A study that tallied costs associated with chronic pain patients highlights a lack of effective care management in the healthcare system and inadequate monitoring by physicians when it comes to identifying and treating patients who exhibit signs of abuse.
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Published in the American Journal of Managed Care, the authors of “Opioid Analgesic-Treated Chronic Pain Patients at Risk for Problematic Use,” compared the amount of healthcare services used and resulting costs for 3,891 patients with chronic pain and an opioid prescription.1 Patients were divided into three groups: patients with potentially problematic opioid use (PPOU) who had displayed evidence of “doctor shopping” to obtain opioid prescription refills or rapid dose escalation, patients who had at least one opioid prescription filled and a control group who fit none of the criteria. Groups were compared for a one-year period between 2009 and 2011.
The data showed those in the PPOU group had significantly higher pharmacy costs than the control group ($6,573 vs. $6,160), higher office visit costs ($5,705 vs. $4,479), higher emergency department (ED) costs ($835 vs. $388), higher inpatient costs ($15,646 vs. $7,445) and higher total healthcare costs ($39,048 vs. $26,171).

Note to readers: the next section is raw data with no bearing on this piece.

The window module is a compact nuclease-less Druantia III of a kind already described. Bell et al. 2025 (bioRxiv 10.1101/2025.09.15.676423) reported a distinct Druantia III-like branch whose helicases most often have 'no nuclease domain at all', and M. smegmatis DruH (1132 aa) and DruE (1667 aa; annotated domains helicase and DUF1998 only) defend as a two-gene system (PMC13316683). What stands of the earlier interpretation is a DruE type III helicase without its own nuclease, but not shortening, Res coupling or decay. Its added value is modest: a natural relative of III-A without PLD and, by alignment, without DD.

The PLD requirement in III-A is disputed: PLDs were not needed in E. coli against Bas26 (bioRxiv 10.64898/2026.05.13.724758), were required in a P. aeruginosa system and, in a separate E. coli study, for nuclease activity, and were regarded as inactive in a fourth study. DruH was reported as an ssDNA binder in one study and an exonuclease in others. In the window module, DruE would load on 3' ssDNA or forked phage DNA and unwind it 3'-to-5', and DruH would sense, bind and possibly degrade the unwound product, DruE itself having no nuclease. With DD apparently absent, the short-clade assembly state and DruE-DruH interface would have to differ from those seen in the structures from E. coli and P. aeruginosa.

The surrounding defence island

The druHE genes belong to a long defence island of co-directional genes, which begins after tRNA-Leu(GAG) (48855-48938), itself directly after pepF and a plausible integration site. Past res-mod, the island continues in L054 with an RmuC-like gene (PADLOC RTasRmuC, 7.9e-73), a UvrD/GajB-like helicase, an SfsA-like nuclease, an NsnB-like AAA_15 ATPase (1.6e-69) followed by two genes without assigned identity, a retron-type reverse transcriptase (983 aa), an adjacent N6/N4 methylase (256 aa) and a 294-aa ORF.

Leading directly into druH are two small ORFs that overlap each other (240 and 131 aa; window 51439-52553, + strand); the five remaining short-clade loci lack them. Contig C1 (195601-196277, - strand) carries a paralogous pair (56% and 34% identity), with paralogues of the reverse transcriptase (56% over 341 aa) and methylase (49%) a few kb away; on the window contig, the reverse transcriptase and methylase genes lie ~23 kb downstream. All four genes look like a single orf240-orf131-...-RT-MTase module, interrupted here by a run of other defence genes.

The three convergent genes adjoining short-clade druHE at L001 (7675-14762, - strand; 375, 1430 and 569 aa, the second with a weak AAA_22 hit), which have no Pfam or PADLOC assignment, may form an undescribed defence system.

The authors note their findings “demonstrate a need for closer monitoring of PPOU patients … and interventions tailored to mitigate the effect of problematic use on patients and payers.” The authors suggest that “broadening the criteria beyond diagnosis codes to include indicators of potentially problematic use may have value to health plans and providers interested in improving outcomes and containing costs” and that such tools as addiction screening questionnaires and lab tests may help to improve “prescriber awareness” when it comes to patients at risk for opioid abuse.
“Nothing here is surprising to me,” says David Wanalista, DO, a veteran rheumatologist at Cumberland Medical Associates in Vineland, N.J. “Physicians realize this is a big issue, as far as the abuse. More doctors are referring out chronic pain patients. It’s a legal issue. It’s phone call after phone call. It’s frequently a problem when I am on vacation, in that covering physicians are hesitant to refill narcotics [for] patients they’re not completely familiar with.”
Although he questions some of the study design, Dr. Wanalista says cost-related research is something rheumatologists need more of. “We all know the healthcare system is strained right now, but we don’t know exactly where the strain is coming from. Most of us think it’s coming from the insurers, healthcare facilities and all the procedures we order,” he says. “I think the average doctor doesn’t realize the total cost involved with these particular types of patients … and most rheumatologists aren’t looking out for the ‘doctor-shopping’ patient.”